When I wrote the manuscript for SOME BUGS I imagined the illustrations looking something like Eric Carle meets Leo Lionni meets Charlie Harper. I felt that in order for children to really connect with the bugs they needed to be colorful, engaging and appealing. I hoped this book would be a field guide primer of sorts, with the characters based on real bugs.

So, I began searching for the perfect illustrator. When I discovered Brendan’s illustrations of wildlife it was love at first sight! His artwork completely captures the charm and vibrancy that I hoped SOME BUGS would embody, and though rendered in vibrant, mixed media, they accurately depict each species of insect and their appropriate environment. Brendan’s fabulous work paired with the skillful and cheerful design of Lauren Rille created the perfect, playful backyard microcosmos that I want to grab magnifying glass, get inside and explore.

Please finish this sentence:

Picture books are my obsession.

I didn’t grow up in a house with many books. I was a reluctant reader who had difficulty with reading comprehension. I lost interest when I was forced to read books without pictures. It wasn’t until the age of 20, when I met my then aspiring children’s book illustrator, now husband, Tony, that I was reintroduced to a missing literary childhood. I pulled The Frog Prince Continued by Jon Scieszka and Steve Johnson off of his bookshelf and I’ve been hooked ever since.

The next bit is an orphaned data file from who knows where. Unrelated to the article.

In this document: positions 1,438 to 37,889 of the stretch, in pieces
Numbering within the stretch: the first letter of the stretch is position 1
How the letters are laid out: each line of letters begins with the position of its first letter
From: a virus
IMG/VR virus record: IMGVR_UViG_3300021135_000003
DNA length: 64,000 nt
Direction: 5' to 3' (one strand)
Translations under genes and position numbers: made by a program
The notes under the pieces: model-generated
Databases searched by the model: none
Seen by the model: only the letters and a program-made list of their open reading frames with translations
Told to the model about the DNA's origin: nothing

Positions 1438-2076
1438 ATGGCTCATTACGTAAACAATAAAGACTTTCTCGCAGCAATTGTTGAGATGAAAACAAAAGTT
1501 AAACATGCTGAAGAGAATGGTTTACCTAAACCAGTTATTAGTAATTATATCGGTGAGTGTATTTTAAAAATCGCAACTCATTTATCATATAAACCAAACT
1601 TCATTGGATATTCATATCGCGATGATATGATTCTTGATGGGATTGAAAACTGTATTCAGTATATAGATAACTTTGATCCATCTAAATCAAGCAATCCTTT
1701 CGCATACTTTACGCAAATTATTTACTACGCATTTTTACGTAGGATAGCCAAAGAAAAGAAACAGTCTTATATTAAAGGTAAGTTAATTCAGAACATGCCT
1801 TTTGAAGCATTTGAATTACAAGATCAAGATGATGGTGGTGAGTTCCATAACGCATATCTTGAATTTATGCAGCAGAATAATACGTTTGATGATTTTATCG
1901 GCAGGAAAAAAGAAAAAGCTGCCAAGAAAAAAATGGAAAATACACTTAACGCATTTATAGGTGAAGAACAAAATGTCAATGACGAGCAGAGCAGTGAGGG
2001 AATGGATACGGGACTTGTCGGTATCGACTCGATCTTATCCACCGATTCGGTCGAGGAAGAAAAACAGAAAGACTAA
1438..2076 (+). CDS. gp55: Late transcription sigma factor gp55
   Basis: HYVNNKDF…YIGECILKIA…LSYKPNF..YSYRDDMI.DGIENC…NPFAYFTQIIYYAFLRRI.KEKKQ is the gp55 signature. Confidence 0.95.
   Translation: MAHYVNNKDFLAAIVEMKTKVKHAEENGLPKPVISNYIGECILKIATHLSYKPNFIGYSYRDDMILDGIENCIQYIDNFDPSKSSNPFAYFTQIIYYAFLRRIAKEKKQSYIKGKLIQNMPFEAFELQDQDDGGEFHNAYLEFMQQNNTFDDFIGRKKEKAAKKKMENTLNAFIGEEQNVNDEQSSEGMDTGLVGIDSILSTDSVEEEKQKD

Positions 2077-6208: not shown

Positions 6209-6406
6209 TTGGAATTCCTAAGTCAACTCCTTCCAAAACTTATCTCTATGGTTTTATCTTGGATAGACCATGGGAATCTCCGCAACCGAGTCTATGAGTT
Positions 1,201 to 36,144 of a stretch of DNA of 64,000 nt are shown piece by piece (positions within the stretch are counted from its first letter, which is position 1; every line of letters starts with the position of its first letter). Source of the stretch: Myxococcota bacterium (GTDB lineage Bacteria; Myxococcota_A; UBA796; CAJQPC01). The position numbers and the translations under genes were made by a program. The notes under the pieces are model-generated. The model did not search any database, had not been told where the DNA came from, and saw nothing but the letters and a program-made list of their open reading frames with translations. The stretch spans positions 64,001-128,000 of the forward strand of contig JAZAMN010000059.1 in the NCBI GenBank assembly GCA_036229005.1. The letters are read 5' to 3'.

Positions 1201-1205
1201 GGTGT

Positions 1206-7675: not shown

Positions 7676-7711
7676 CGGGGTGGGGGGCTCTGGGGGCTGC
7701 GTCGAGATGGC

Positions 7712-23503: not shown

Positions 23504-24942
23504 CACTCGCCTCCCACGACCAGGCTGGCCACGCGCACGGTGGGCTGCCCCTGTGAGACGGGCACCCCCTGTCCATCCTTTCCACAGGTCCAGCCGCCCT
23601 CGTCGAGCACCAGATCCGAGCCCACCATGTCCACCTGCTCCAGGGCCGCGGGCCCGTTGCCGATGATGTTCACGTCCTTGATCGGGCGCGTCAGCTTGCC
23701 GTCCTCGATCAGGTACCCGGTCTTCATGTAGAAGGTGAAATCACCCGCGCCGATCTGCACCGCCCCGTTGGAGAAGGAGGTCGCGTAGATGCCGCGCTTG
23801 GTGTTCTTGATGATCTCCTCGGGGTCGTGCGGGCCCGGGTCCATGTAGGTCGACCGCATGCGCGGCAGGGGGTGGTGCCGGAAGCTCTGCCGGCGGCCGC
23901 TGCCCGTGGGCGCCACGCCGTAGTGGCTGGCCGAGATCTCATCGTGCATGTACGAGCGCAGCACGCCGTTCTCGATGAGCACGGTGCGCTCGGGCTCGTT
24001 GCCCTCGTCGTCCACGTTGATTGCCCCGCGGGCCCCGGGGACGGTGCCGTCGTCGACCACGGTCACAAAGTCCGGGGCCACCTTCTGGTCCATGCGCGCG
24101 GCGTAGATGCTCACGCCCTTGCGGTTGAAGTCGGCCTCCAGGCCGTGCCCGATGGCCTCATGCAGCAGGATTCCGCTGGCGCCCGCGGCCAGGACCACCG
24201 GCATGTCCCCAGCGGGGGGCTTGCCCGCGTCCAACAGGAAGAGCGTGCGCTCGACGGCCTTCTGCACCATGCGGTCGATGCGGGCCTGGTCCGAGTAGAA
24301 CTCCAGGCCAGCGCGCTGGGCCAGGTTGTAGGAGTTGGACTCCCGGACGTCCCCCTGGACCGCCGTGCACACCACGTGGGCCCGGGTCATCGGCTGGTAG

Thank you, Angela! I cannot wait for everyone to read and share Some Bugs

I am giving away one copy of Some Bugs

Rules for the Giveaway 

1. It will run from 3/6 to 11:59 p.m. on 3/7. 

2. You must be at least 13. 

3. Please pay it forward. 

Borrow Some Bugs from your school or public library. Whenever possible, please support independent bookshops. 


  1. This looks like a fun read aloud book! I can't wait to read it to the kids I teach my art and literacy classes too. Thank you for sharing your gift with the world.

  2. This looks great! Off to put it on reserve... Thanks.


Post a Comment

Popular Posts